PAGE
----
Using this approach and simulations of the giant collision, Deng discovered that the early Earth exhibited mantle stratification – or layering – after the impact, with the upper and lower mantle having different compositions and states.
Specifically, the upper mantle featured a magma ocean created through a thorough mixing of material from Gaia and Theia, while the lower mantle remained largely solid and retained the material composition of Gaia.
“Previous research had placed excessive emphasis on the structure of the debris disk, the precursor to the Moon, and had overlooked the impact of the giant collision on the early Earth,” Deng explained.
“This research even provides inspiration for understanding the formation and habitability of exoplanets beyond our solar system.”
Following discussions with geophysicists from the Swiss Federal Institute of Technology in Zurich, Deng and his collaborators realized that this mantle layering may have persisted to the present day, corresponding to the global seismic reflectors in the mid-mantle, located around 1,000 km beneath the Earth’s surface.
In particular, the entire lower mantle of the Earth may still be dominated by pre-impact Gaian material, which has a different elemental composition including higher silicon content than the upper mantle, according to Deng’s previous studies.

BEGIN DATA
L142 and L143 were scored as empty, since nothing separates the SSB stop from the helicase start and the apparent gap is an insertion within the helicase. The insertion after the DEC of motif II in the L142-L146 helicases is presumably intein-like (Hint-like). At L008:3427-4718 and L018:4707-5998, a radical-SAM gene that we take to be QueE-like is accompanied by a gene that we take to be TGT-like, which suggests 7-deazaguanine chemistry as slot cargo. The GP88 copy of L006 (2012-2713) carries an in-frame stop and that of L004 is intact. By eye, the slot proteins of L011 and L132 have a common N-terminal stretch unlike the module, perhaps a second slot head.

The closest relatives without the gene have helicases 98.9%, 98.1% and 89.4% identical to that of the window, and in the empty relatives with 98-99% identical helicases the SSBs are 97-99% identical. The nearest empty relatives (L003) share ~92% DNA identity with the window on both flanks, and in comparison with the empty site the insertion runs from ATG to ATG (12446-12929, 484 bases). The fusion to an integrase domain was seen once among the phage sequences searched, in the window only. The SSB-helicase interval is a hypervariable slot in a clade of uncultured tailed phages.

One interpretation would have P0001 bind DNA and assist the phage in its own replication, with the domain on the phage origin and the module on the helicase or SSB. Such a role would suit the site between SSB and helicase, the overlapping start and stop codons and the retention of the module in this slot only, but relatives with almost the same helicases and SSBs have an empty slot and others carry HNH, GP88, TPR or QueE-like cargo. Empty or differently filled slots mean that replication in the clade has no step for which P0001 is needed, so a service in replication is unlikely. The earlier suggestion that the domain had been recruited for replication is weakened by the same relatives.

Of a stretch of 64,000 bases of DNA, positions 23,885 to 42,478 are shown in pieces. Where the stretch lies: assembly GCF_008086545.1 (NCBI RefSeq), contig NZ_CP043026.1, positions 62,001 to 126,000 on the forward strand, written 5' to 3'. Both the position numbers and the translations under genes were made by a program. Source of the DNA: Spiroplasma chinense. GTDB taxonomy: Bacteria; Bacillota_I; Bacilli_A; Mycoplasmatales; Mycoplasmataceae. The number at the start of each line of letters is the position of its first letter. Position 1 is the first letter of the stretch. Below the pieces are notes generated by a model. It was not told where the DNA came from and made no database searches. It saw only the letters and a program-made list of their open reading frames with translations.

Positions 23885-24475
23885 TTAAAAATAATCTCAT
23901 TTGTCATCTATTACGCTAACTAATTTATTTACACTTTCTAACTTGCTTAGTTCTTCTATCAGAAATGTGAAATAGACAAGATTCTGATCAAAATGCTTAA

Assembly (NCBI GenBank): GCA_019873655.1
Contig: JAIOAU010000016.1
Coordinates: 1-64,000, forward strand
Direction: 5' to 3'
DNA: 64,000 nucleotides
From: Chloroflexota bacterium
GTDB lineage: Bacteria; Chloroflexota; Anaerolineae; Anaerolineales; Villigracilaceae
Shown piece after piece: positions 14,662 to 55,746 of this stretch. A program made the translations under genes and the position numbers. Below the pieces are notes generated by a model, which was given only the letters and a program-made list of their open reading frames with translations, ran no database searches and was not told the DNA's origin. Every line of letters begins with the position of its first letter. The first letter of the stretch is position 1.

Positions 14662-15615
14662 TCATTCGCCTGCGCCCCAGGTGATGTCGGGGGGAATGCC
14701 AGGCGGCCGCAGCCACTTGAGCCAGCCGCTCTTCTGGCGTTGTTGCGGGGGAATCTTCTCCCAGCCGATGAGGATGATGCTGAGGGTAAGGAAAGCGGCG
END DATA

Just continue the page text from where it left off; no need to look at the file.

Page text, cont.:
“Our findings challenge the traditional notion that the giant impact led to the homogenization of the early Earth,” he said.
“Instead, the Moon-forming giant impact appears to be the origin of the early mantle’s heterogeneity and marks the starting point for the Earth’s geological evolution over the course of 4.5 billion years.”
Another example of the Earth’s mantle diversity is two anomalous regions, called Large Low-Velocity Provinces (LLVPs), which stretch for thousands of kilometers at the base of the mantle.
One is located beneath the African tectonic plate, whilst the other is under the Pacific plate.
When seismic waves pass through these areas, wave velocity is significantly reduced.
LLVPs have significant implications for the evolution of the mantle, the separation and aggregation of supercontinents, and the Earth’s tectonic plate structures – but their origins have remained a mystery.